Tuesday, April 29, 2014

Department of Uncanny Coincidences

Op-ed in yesterday's New York Times:
No Accounting Skills? No Moral Reckoning

Business news item in today's  New York Times:
Bank Finds a Mistake: $4 Billion Less Capital

Monday, April 28, 2014

The Age of Asset Management

Finally got around to reading Bloomberg Businessweek's Asset Managers are the New Banks. Should have been more prompt.
One of the more disquieting parts of covering banking regulation is how often, in an interview, either a regulator or a banker will say something like this: Regulators have to treat banks with some respect. If they clamp down too hard, the money will go somewhere else, to a place we only dimly understand. Beyond the banks, the logic goes, there be monsters.
In a speech last week to a group of asset managers in London, Andrew
Haldane, in charge of financial stability for the Bank of England, began to map out the land of the monsters. The number of people saving money in the world has grown larger, older, and richer, he said. Life expectancy is rising—as is population and per-capita GDP. And all these rich old people need to put their savings somewhere. It is not going into savings accounts but instead into a category known as assets under management, or AUM: pension funds, exchange-traded funds, hedge funds, private equity.
AUM in the U.S. was about half of GDP in the 1940s; it has now grown to almost two and a half times GDP.

Read Haldane's speech.  Conventional asset management, where funds are managed by stock and bond pickers, is being squeezed between high-cost alternatives, such as hedge funds and private equity, and low-cost index funds and ETFs. Old-fashioned prudent investing seems to have succumbed to the temptation of market timing. Just like the much maligned small investor, many pension funds tend to buy high, sell low.

The good news: Asset management should continue to boom globally. "In China and India, personal financial assets have grown at a rate of 25% per year for the past 20 years."

Saturday, April 26, 2014

The Status of Tax Reform

Carl Hulse in The New York Times:
As Congress prepares to return from a two-week spring break on Monday, the capital is frozen in the shadow of the midterm elections, with large tasks such as revising the tax code dismissed with hardly a hearing.

Thursday, April 24, 2014

Executors and Their Troubles

Oleg Cassini

Oleg Cassini's executor suspended. The designer died in 2006, leaving most of his estate to his wife. One of Cassini's daughters from his previous marriage to movie star Gene Tierney successfully contested the will.

Thereafter Cassini's widow seems to have lost interest in settling the estate. A Manhattan probate judge has suspended her as executor, pending a decision as to whether she should be replaced.

Fireman's executor overwhelmed. Nearly three years after a volunteer fireman in New Jersey died, "none of the beneficiaries have received their disbursements from his estate. The lack of action — and alleged dearth of communication with the executor — prompted borough officials to file a lawsuit compelling executor John Benensky of Madison to fulfill his fiduciary duty and give a formal accounting of the estate."

The estate includes a business and is valued at over $1 million. Agreeing to serve, says the overwhelmed executor, was "a spur of the moment” decision. He had no idea the job would be so complicated.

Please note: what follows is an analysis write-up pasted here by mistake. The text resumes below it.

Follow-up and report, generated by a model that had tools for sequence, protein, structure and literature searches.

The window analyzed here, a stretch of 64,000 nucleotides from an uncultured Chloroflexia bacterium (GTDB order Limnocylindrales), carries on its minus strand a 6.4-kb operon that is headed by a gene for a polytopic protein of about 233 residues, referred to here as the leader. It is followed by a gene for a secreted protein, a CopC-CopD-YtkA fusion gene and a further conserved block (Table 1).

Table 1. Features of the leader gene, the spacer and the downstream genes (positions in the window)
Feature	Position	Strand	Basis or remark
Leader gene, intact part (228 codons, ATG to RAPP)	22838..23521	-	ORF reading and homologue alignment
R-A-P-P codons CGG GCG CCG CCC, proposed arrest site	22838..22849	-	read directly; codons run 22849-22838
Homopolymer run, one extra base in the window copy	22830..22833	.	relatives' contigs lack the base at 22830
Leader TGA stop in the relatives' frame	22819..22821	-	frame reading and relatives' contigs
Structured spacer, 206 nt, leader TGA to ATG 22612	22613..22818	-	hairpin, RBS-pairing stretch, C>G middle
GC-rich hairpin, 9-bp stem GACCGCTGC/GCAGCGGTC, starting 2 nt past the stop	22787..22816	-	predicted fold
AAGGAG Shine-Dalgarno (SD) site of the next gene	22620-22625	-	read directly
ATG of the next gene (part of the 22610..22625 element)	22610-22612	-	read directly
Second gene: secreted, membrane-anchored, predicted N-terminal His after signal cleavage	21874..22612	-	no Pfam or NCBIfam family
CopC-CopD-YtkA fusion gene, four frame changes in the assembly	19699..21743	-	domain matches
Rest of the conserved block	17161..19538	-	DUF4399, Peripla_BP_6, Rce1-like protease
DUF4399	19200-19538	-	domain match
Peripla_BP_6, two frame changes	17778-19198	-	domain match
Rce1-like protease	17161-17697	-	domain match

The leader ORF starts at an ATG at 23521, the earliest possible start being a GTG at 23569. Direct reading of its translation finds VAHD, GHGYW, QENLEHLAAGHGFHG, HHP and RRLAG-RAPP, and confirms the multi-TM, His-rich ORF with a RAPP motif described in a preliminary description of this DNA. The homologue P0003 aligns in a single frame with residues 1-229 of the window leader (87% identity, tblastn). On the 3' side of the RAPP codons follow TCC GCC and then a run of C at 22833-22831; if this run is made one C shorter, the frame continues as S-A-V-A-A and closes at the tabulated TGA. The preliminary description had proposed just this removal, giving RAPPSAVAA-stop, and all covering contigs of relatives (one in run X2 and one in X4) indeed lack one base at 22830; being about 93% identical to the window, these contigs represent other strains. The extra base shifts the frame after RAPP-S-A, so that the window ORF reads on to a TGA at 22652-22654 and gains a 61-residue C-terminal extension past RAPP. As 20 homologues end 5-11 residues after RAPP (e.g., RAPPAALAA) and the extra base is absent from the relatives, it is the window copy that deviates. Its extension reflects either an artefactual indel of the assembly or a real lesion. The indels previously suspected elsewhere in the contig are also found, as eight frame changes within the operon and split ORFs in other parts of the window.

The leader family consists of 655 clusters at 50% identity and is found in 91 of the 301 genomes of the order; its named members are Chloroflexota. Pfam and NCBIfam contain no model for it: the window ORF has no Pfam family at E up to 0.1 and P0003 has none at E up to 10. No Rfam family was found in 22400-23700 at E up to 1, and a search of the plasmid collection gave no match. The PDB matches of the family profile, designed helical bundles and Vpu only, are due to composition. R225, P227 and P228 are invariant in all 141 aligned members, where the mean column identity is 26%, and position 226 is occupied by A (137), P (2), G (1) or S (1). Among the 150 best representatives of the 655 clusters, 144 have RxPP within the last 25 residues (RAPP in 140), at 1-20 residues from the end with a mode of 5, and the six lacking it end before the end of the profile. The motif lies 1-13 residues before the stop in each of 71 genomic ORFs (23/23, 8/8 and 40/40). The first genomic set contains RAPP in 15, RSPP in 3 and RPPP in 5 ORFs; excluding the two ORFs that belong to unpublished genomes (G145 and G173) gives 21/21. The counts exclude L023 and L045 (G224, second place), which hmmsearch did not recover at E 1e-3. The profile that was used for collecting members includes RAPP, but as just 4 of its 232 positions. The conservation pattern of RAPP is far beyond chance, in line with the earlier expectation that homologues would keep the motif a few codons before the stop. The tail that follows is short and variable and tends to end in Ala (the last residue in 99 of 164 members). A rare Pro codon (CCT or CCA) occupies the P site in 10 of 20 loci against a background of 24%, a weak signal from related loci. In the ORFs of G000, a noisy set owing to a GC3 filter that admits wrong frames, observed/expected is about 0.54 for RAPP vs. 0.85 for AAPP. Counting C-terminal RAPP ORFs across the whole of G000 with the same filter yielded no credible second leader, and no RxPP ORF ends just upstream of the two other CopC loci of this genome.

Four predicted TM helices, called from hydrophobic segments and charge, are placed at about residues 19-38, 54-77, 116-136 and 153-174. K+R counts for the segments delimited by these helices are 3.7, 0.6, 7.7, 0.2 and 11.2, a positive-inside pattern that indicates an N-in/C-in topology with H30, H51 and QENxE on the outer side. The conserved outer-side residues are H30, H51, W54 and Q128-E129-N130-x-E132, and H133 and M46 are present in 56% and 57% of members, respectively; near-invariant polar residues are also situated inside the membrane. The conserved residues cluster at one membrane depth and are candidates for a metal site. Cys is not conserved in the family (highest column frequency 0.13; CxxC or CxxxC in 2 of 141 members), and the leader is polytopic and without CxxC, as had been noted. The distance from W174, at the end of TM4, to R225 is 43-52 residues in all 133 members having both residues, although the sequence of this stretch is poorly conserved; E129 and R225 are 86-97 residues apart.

Replaced executor fights for the job. A few months before she died, an elderly widow executed a codicil to her 2010 will. Her amendment made no changes to the disposition of her $22 million estate; the codicil merely replaced the lawyer she had named as her executor with three new co-executors.

After the widow's death the lawyer fought to regain his appointment as executor (and as successor trustee of the widow's living trust). Failing in probate court, he appealed. Now the appeals court has rebuffed him:

A person who was named as an executor in a will cannot contest a codicil by which the testator named someone else to that position.
Estate settlement is a task that sometimes involves big money and often stirs strong emotions. Maybe naming a dull, disinterested bank as executor isn't such a bad idea.

Wednesday, April 23, 2014

Happy 450th, Will!

William Shakespeare was born 450 years ago today, and we're still not too sure what he looked like. Wikipedia illustrates these three candidates.

More certain, according to the Financial Times, is that the Bard was a better entrepreneur and investor than most playwrights.

Related post: Brush Up Your Shakespeare – and See His Last Will

Tuesday, April 22, 2014

Remembering Alex Porter and “Hedged” Funds

Alex Porter, who worked at the first hedge fund, A. W. Jones & Co., and later ran his own successful firm, died April 18.
As one of “the last practitioners from the A.W. Jones era,” Porter carried the long-ago notion of a “hedged” fund as one that is “long and short and thereby inured to the vicissitudes of the overall market,” said James Grant, a friend and colleague who publishes Grant’s Interest Rate Observer. 

Today, by contrast, the term “hedge” suggests “leveraged and long” investing, he said, which often amplifies rather than cushions market swings.
For Porter, less volatility didn't mean lesser performance. From 1976 until 1993, his first fund reportedly generated a net compound annual return of about 20 percent .